Calories on the menuConsumers will soon be able to clearly know the nutrition content of food at chain restaurants and other food retailers, thanks to a new menu labeling rule from the Food and Drug Administration. The rule, originally proposed in 2011, fulfills a requirement of the Affordable Care Act.

The American Public Health Association has voiced its strong support for the rule, which covers restaurant chains and similar retail food establishments including supermarkets, convenience stores and movie theaters with 20 or more locations. These establishments will have to clearly and conspicuously display meaningful calorie information for standard items on menus and menu boards, along with statements about the availability of additional nutrient information and suggested daily caloric intake.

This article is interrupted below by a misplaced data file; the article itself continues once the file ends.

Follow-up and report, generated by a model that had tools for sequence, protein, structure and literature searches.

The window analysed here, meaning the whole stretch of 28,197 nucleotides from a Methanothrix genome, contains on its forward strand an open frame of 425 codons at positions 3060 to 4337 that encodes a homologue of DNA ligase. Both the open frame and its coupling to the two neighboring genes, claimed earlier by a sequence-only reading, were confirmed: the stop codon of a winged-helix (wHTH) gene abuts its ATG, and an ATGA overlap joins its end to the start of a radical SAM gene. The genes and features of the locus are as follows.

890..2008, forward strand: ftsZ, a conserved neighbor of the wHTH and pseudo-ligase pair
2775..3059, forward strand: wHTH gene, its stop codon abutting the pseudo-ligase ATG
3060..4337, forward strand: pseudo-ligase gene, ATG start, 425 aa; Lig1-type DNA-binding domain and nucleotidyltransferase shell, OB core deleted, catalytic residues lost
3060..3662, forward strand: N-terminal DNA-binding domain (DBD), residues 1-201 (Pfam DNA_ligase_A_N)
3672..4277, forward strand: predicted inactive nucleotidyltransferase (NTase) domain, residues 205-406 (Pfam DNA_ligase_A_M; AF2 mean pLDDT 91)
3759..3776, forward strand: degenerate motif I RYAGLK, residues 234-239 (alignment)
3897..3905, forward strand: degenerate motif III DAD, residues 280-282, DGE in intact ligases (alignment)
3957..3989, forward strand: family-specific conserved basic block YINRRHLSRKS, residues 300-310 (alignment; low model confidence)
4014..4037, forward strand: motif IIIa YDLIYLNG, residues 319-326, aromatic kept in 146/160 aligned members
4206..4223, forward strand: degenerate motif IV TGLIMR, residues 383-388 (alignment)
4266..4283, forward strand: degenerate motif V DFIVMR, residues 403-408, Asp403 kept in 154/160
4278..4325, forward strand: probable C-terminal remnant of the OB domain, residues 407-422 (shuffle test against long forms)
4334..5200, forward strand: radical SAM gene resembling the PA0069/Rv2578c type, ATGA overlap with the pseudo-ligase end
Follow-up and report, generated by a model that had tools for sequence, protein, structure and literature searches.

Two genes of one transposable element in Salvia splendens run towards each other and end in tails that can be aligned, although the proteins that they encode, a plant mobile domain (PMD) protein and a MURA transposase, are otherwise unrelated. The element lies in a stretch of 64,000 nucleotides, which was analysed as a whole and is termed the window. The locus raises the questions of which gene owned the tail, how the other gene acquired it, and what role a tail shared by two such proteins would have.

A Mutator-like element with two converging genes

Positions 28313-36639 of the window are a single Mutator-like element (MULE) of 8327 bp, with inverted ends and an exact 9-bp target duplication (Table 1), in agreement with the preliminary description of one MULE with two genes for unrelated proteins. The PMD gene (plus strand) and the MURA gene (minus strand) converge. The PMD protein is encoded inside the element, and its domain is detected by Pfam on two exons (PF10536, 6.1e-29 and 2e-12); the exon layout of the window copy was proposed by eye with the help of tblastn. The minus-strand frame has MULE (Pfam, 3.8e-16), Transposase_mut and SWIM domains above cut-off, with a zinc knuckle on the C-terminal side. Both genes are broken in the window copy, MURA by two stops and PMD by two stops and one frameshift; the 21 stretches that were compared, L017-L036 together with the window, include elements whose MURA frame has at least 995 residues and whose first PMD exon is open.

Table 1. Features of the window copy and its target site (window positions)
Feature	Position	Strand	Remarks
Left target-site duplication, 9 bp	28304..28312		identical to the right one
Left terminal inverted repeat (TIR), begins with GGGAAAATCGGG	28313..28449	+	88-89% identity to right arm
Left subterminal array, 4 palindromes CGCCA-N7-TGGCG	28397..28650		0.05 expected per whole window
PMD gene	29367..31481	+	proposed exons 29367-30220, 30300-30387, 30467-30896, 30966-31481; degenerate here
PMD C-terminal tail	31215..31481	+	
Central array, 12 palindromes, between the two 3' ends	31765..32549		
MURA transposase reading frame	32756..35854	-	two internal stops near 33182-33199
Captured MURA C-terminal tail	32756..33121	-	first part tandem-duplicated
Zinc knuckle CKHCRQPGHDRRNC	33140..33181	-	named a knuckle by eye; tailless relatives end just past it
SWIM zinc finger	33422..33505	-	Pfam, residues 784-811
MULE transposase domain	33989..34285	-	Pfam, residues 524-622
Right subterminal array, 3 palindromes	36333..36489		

“By providing the required nutritional information, consumers will have the information they need to make healthier, more educated decisions about their food choices when eating outside the home,” said APHA Executive Director Georges C. Benjamin, MD, in a news release. “These regulations are an achievement for public health, and are a positive step toward fighting the high chronic disease rates that plague our nation.”

The final rule, “Food Labeling: Nutrition Labeling of Standard Menu Items in Restaurants and Similar Retail Food Establishments,” is available in the Federal Register. To find out more about this issue and others that the Association is weighing in on at the federal level, and ways that you can advocate for public health, visit APHA’s advocacy page.